What do you struggle with when you’re talking about diabetes? It’s Diabetes Week 2018 (June 11-18) and the theme of this year’s awareness-raising seven days is the stuff we find awkward, embarrassing, difficult or even funny to mention.
Here are mine:
- I don’t like telling people in general. I’m not ashamed or embarrassed; I just don’t like drawing attention to myself.
- Jelly baby etiquette. When you eat sweeties in front of someone, politeness dictates you offer them around. But they’re the medicine that corrects low blood sugars*, so stinginess is understandable.
- Explaining a hypo when you’re in the middle of one. Most of my low blood sugar episodes are manageable. But I can be in the middle of a conversation and my mind goes blank. “Bear with me! My mind’s distracted. It’s screaming ‘SUGAR, SUGAR, SUGAR’ at me. My word power will return in a few minutes,” is what I should say.
- Or don’t talk to me. When I’m high, conversation is too much effort. Please don’t take it personally.
- I don’t talk much either when I’m high because I’m conscious of the nasty taste in my mouth and am reluctant to impose halitosis on anyone.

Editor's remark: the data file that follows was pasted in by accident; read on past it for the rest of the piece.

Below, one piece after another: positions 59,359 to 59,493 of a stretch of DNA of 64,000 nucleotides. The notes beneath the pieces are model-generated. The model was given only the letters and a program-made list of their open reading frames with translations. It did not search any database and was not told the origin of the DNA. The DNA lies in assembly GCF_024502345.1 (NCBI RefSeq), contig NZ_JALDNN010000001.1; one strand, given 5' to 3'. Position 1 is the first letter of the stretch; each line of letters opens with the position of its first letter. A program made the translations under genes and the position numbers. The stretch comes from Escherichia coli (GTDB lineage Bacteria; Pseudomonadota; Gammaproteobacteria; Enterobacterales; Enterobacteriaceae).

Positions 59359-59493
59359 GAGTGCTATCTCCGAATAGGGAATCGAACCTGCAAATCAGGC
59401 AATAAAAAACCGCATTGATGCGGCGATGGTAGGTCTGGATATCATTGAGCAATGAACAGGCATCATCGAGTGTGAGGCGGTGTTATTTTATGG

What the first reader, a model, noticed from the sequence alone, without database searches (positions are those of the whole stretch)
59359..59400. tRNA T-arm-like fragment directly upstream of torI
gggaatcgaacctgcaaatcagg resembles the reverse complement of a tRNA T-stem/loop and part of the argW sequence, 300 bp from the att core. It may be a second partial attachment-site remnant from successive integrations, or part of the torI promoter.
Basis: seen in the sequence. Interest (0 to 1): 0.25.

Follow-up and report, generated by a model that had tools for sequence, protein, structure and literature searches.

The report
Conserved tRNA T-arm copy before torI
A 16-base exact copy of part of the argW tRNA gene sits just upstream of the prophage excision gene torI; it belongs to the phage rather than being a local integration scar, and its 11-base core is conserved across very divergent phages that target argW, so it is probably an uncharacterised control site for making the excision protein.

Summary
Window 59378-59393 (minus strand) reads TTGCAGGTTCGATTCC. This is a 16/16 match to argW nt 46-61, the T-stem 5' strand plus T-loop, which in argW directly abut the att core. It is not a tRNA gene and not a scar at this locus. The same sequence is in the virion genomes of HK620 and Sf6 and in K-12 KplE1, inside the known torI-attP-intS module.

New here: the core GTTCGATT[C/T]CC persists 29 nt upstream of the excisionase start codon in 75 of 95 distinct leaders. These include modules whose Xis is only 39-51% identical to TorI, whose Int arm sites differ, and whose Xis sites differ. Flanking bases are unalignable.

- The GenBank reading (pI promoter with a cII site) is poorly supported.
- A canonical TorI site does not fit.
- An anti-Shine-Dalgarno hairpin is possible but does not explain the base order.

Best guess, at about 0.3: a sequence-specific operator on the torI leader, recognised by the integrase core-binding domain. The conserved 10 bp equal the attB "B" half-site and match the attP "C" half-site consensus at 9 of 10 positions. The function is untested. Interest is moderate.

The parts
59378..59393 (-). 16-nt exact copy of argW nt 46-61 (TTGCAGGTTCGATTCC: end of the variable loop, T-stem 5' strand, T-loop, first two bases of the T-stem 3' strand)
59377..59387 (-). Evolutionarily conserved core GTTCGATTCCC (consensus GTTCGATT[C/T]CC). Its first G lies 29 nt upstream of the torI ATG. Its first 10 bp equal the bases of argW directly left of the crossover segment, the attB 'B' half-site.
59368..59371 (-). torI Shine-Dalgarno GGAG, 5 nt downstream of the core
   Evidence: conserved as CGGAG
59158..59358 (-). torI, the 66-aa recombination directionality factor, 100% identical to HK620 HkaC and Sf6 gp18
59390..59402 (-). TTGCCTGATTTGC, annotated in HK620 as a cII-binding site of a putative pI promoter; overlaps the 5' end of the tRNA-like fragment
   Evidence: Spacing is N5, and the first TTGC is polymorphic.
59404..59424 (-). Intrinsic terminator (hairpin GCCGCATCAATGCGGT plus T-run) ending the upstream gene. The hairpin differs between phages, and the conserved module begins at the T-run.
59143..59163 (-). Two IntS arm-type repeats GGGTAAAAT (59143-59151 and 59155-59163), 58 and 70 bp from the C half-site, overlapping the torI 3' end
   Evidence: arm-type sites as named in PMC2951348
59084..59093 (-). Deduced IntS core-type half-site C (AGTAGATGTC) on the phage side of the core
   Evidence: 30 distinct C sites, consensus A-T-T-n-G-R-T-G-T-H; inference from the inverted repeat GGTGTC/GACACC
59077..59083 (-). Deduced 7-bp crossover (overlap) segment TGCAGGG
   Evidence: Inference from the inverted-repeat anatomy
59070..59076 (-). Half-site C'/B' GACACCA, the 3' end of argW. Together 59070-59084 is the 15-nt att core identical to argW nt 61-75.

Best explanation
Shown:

- And don’t take the grumpiness low blood sugars produce personally either. First aiders once told me about diabetics who punched people when they were low, so grumpiness seems moderate in comparison.
- Please know that managing diabetes is like having a part-time job that you do on top of everything else.
- If you manage to work out I’m hypo long before I do, be aware I’ll deny it in an exasperated fashion. “Flip’s sakes, no I’m not. Look I’ll even do the blood test to show you and here it…oh. Alright then.”
- Sometimes when I say I can’t do something because of the diabetes, I might be using it as a fab, ready-made excuse. It’s not me, it’s you. OH NO! I’ve just given away diabetes’ best-kept secret!
*I told a little girl my jelly babies were medicine once. She gave me one of those, ‘why do adults lie to me?’ looks.